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Tuesday, July 27, 2010

Separation of Church and State Forgotten By Ground Zero Mosque Supporters

Perhaps no topic has inflamed tensions more in New York State politics in 2010 than the proposed construction of an Islamic mosque at 47-51 Park Place in downtown Manhattan. The site of the proposed development (formerly known as the Cordoba Instituten now to be known as Park51) is one block from Ground Zero and also one block west of New York City Hall.

 The Islamic congregation that would use the new mosque has been conducting services at its current mosque since the 1980s. This fact presents a barrier to a claim that a zoning restriction or other governmental prohibition would interfere with the First Amendment right of religious expression.


I speculate whether a governmental action allowing construction - and hence the relocation of the existing congregation - amounts to an establishment of religion (thus violating the Establishment Clause of the First Amendment).


In plainer English, this gets at the concept of a de facto preference towards one faith, which we sometimes see as a result of other groups trying to appease the preferred faith in order to avoid even the accusation of intolerance which is considered toxic in many quarters without any standard of proof. If the New York City Landmarks Preservation Board declines to designate the site as historic, this would ease the way for construction to begin on the site. (In New York City, expect delays anyway, whether of the bureaucratic or litigation variety.). However, an administrative refusal to designate the site as a protected landmark may amount to a government-sanctioned preference that would violate the Establishment Clause.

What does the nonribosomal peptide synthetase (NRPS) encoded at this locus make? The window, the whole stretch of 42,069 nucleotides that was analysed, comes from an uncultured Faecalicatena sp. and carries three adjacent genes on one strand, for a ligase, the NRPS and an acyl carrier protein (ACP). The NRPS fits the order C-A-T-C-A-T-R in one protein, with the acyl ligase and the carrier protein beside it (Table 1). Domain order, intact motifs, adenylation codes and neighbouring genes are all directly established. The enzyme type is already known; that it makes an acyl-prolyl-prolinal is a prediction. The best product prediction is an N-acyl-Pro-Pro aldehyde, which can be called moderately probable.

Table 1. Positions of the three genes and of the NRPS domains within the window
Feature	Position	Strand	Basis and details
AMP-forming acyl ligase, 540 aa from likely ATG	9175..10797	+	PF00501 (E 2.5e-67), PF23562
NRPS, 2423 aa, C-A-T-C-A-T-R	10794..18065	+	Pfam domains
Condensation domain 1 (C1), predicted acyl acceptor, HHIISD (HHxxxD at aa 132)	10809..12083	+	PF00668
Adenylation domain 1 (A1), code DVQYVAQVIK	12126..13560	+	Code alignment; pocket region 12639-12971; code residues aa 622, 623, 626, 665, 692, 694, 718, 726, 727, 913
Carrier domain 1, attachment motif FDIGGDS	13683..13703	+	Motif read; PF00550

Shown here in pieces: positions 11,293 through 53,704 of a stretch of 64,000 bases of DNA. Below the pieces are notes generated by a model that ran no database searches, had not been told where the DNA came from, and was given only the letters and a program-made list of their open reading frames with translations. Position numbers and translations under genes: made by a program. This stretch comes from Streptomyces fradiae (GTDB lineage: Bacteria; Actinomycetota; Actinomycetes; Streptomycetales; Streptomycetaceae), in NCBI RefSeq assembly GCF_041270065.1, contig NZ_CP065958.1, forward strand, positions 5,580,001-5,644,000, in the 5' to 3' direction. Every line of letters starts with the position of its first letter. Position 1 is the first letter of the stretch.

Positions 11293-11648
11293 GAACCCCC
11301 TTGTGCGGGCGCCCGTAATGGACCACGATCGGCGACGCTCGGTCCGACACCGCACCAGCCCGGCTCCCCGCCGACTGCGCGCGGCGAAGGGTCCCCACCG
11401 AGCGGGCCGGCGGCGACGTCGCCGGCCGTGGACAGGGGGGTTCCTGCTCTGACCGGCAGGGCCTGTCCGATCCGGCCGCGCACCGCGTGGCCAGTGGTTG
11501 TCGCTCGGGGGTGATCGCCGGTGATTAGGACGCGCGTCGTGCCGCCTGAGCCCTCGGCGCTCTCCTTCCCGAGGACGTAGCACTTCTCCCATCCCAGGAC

Such a state-sponsored preference (whether implicit -- or "de facto" -- or explicit -- which would be "de jure" in Latin) is a hop and skip away from a formal, or de jure, state establishment of an official religion.  This is precisely the abuse the Founding Fathers sought to prevent with the Establishment Clause, which is designed to ensure the separation of church and state.   This same principle, incidentally, is cited as the reason for banning nativity scenes on public property (and sometimes on private property) at Christmas.


This issue will not disappear. The Ground Zero site is very unique and, should an exception be required, may warrant one. There have been very few large civilian tragedies in the history of our nation. Even the epic military tragedies like Gettysburg and Pearl Harbor have been immortalized. The special, and enduring, significance of the 9/11/2001 attack should be recognized by the city and state governments. This significance, and the enduring pain, argue in favor of the governments showing a unique sensitivity to the emotions of the survivors. For those reasons, the entire Ground Zero zone should be preserved as non-sectarian so all religions and people are respected.


Allowing a mosque -- or a new house of worship of any religion to be constructed there -- will spur concerns that city government is favoring a religion, no matter which one. Such favoritism runs afoul of the Establishment Clause and the Equal Protection Clause.


It would be worth a shot to take this before the bench.


Expect updates and further analysis.


Eric Dixon is a New York lawyer. He is available for comment at 917-696-2442 and by e-mail at edixon@NYBusinessCounsel.com.

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